One of the most lauded films of this year's Scandinavian Film Festival, Amateurs follows the residents of the fictional Swedish town of Lafors. Once bustling thanks to its many tanneries, times have changed, and although a few factories remain, the town is struggling to adapt to the modern world. Amidst this decline, the city council gets word that a German discount megastore is looking for a new location in the region - and Lafors is on the top of the list.
Keen for the jobs the new megamart will bring, the council looks to catch the eye of the Germans by commissioning a short film showcasing Lafors. But the city's coffers are bare, so council member Musse (Fredrik Dahl) decides to look for some cheap labour. He hits upon the idea of using students at the local high school to make their own films about life in the town. The idea sparks excitement for students Aida (Zahraa Aldoujaili) and Dana (Yara Aliadotter), who fancy themselves already as filmmakers.
The councillors soon head to the classroom to see the students' work. But the first few films are way off-brief and entirely awful. The councillors pull the plug and leave the classroom just as Aida and Dana's film comes on. The council decides to change tack, and with financial support from a local company, engages the services of a professional filmmaker to produce something more traditional.
Musse helps with the making of the authorised film - it's a cliched promotional video complete with green fields and setting suns. But at the same time, Aida and Dana continue making their own unauthorised film, interviewing locals and getting them to speak candidly about life in Lafors. All the while, the clock ticks as the announcement that will supposedly save Lafors nears.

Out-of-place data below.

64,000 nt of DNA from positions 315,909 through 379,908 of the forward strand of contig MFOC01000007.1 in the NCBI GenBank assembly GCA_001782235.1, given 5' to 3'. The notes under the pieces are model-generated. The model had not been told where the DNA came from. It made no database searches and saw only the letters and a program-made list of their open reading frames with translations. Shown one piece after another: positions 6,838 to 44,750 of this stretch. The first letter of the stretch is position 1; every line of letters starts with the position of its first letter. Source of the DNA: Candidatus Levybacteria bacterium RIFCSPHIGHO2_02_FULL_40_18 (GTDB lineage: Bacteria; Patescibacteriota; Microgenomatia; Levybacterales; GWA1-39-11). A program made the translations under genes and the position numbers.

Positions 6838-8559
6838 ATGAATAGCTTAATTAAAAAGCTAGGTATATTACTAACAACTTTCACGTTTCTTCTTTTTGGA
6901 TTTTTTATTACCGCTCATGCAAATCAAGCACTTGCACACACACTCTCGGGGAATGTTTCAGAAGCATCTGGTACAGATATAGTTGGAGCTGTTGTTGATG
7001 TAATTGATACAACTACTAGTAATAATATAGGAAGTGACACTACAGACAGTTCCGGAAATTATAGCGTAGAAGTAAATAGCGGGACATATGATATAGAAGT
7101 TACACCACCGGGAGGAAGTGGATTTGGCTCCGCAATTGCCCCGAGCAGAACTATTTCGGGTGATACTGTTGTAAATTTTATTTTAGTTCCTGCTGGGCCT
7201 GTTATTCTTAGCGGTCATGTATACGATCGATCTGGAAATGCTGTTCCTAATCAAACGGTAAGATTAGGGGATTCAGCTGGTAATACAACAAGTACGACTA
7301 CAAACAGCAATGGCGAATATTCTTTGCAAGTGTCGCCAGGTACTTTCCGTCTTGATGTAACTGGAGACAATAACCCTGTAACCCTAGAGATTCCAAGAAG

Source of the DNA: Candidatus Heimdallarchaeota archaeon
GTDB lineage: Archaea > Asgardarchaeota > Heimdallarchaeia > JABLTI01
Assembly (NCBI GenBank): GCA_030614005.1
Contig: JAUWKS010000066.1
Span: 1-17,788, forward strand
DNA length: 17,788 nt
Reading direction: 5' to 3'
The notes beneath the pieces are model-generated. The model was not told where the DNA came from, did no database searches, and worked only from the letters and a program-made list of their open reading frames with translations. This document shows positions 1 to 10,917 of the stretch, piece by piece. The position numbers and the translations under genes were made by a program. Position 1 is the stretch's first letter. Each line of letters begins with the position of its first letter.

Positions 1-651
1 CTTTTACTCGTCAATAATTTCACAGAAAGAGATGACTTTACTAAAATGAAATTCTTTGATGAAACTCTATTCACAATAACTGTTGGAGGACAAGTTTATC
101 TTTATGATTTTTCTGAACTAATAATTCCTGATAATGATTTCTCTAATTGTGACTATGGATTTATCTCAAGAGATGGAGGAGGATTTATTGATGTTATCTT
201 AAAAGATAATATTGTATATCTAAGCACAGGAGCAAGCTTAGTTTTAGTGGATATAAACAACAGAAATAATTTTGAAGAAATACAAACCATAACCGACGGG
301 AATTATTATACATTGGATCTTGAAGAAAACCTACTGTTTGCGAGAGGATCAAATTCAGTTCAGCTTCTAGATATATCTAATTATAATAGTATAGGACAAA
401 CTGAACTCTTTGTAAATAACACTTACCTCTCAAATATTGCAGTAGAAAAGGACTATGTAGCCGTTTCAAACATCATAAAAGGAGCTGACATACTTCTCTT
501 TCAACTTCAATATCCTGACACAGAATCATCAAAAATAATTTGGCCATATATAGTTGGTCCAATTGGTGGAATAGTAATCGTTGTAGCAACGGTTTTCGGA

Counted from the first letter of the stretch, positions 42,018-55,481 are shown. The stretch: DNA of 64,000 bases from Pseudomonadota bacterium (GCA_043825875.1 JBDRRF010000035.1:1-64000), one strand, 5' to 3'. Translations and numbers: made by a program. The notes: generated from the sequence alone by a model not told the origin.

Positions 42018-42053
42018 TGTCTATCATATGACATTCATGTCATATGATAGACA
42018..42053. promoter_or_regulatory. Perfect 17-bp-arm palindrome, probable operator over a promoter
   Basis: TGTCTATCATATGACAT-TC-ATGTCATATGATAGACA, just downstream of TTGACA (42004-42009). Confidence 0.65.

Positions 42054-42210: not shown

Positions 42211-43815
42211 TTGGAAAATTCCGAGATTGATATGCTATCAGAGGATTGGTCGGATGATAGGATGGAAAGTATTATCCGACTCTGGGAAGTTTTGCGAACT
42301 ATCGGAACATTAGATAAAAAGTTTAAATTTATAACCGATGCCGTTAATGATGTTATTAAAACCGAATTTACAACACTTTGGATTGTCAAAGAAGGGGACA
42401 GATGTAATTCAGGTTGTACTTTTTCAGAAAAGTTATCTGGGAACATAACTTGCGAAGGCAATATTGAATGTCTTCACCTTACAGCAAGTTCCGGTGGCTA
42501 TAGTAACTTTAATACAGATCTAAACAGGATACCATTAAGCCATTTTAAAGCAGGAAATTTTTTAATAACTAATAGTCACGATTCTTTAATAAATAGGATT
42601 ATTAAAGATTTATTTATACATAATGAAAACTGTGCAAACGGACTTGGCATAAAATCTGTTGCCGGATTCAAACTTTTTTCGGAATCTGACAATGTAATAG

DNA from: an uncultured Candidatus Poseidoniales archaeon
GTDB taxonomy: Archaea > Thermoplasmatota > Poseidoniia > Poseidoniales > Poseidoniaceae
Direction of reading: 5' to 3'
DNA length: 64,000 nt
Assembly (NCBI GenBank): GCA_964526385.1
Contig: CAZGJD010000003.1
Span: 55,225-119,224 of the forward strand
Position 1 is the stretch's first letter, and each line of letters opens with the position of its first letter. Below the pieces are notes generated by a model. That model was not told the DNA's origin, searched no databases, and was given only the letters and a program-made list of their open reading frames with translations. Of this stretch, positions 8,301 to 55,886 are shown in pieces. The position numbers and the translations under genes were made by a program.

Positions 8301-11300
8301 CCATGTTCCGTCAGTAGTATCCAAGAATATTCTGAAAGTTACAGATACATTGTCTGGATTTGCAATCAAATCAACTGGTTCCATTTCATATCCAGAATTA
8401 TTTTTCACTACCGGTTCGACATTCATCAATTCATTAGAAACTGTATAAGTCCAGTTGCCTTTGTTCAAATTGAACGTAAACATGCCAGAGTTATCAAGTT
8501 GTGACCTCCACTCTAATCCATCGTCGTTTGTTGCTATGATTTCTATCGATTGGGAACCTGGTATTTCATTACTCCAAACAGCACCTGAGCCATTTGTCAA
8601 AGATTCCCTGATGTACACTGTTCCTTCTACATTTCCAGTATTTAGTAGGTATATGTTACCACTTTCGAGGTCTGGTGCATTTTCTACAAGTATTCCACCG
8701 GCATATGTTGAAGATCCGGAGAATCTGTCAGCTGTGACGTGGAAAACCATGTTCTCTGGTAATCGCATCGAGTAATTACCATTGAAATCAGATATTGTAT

Directed by Gabriela Pichler, Amateurs is a delightful film, which despite its light and bubbly premise, does dig into heavy fare. The examination of a community with its glory days well behind it is one of the most interesting themes. The notion that a new shop will save the town, accepted as a fact by the council, is challenged by many of the residents who are aware of the town's decline but still live there and still take pride in living there. It takes Aida and Dana's often candid interviews to reveal this, and to show that the people who live there aren't idiots. All of them together represent Lafors and it give it meaning, much more than pretty shots of lakes and bridges.
The film also manages to reveal more about the liberal-seeming facade of modern Sweden. This is apparent when Musse, who is Swedish but of South-Asian descent, is discouraged from appearing on-camera in the officially sanctioned Lafors film because he doesn't look 'Swedish' enough. The irony of this is furthered when Musse visits his mother in a nursing home. His mother is ailing with dementia and has reverted to speaking only in her native Tamil - Musse can't speak to her anymore: he only knows Swedish and English. The issues of immigration and class also appear when Aida and Dana's filmmaking causes problems. One parent, a blue-collar immigrant, discourages further filmmaking, while the other mother, a wealthy former journalist, encourages Aida and Dana to keep stirring the pot.
Amateurs is a confident and deft portrayal of modern Sweden, helped along by fantastic performances from its lead characters. The film questions identity and community, as Lafors tries to decide which version of itself to present to the world.
Amateurs is playing as part of the Volvo Scandinavian Film Festival.
Find information on session times, locations and tickets here.